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Healing After Birth: Acknowledging and Recovering from Birth Trauma

Birth Trauma awareness week

From July 15th to 21st, we honor Birth Trauma Awareness Week (BTAW). Here at Mind Body Baby NC, we want to break the silence surrounding the often-unseen impact of traumatic birth experiences. These experiences can affect birthing parents in Charlotte, NC, and families across the country. Childbirth is rightfully celebrated as a momentous occasion, but for some, the reality can be deeply distressing. We, along with many others in our community, understand this truth all too well. Acknowledging birth trauma is vital to reduce stigma, fear, and isolation related to experiences within the community.

What is Birth Trauma?

Birth Trauma support Charlotte NC with Mind Body Baby

So, what exactly is considered birth trauma? Birth trauma isn't simply physical injuries sustained during childbirth, although those can certainly be a part of it. It encompasses a wider range of emotional and psychological distress experienced by birthing parents (and sometimes partners) before, during, or after childbirth. This distress can stem from feeling unheard and unsupported during the birthing process. Medical interventions, unexpected complications, or a birth experience that falls far short of expectations can also trigger birth trauma.

Birth trauma includes a wide range of feelings of powerlessness and lack of control. These experiences can impact bonding with the baby, breastfeeding, mental health, and overall well-being. The critical takeaway is that birth trauma is a valid experience, and its impact on cognitive and emotional well-being should not be minimized.

What Classifies as Physical or Psychological Birth Trauma?

Birth injuries, whether physical or psychological, may or may not be identified immediately. Over time and during your recovery from birth, you may notice that something isn't right, and you may be feeling off. Here are a few ways that birth trauma can impact you physically and psychologically.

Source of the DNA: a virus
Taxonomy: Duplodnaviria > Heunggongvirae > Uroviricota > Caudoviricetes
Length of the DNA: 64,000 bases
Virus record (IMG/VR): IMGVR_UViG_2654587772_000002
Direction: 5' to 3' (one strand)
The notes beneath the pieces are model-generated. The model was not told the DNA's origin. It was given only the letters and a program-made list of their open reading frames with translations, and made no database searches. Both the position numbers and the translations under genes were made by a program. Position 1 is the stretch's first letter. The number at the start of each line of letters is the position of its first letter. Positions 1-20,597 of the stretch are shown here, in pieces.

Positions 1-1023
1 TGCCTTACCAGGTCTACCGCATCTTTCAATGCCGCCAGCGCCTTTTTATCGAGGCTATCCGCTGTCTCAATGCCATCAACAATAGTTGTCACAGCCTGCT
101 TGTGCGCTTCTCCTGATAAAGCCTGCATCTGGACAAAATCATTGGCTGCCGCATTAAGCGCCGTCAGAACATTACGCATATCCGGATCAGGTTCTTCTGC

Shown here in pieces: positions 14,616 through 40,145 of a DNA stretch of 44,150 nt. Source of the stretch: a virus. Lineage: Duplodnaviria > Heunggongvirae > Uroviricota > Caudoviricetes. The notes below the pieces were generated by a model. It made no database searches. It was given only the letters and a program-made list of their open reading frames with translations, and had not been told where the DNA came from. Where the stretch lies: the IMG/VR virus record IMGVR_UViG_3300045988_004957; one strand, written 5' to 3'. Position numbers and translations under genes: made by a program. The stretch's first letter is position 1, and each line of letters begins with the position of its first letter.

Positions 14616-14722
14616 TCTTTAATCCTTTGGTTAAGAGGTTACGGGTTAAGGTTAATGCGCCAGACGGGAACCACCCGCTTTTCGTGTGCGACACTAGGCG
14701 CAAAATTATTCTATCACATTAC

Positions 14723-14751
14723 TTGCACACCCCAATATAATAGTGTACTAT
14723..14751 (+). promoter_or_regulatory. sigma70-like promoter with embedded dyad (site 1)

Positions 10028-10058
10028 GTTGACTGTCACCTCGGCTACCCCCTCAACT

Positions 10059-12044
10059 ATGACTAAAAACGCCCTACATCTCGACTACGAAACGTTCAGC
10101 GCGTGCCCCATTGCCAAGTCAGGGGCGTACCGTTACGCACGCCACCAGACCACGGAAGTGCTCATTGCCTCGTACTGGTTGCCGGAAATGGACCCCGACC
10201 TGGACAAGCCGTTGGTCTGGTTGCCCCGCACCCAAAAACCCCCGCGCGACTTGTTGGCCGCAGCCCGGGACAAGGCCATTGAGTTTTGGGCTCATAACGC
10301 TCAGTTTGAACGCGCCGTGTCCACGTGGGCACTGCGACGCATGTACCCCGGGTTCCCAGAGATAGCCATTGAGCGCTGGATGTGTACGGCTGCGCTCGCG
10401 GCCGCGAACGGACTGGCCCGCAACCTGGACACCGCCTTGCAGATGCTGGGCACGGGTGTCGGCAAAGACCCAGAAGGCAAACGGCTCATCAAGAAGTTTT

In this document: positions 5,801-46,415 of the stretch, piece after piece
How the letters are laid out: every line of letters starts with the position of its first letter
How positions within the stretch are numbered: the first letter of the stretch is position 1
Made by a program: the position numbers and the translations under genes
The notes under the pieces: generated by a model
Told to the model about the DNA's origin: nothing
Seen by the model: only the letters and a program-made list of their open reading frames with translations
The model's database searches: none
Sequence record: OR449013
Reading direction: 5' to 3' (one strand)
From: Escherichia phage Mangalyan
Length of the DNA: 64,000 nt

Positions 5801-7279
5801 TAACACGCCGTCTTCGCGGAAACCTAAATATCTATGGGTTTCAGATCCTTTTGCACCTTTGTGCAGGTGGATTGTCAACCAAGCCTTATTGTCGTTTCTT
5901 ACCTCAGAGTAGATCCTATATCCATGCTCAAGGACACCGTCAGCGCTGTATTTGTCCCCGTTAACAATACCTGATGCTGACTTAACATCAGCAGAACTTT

Physical trauma:

  • Perineal tears

  • Bladder damage

  • Pelvic floor muscle damage

  • Pelvic organ prolapse (POP)

  • Infection

  • Pelvic fractures

  • Cesarean wounds

  • Hysterectomy

  • Postpartum hemorrhage

Psychological trauma:

  • Postpartum post-traumatic stress disorder (PTSD)

  • Postnatal depression and anxiety (PNDA)

  • Obsessive Compulsive Disorder (OCD)

  • The feeling of being unsafe or uncomfortable due to biases and how you were left to feel about your birthing experiences.

Birth Trauma Awareness Week

Birth trauma affects a surprising number of birthing people. Studies suggest that anywhere from 3% to 16% of birthing parents experience symptoms of Post-Traumatic Stress Disorder (PTSD) after childbirth. This number translates to millions of individuals worldwide struggling with the emotional and psychological impact of a traumatic birth experience.

Although discussions on perinatal mental health have significantly progressed, women, birthing individuals, fathers, and partners continue to slip through the cracks in healthcare. Here at Mind Body Baby NC, we understand that birth trauma is a real and significant issue. During Birth Trauma Awareness Week, we want to emphasize that you are not alone. We offer support, resources, and a safe space for birthing parents in Charlotte, NC, to share their stories and find healing.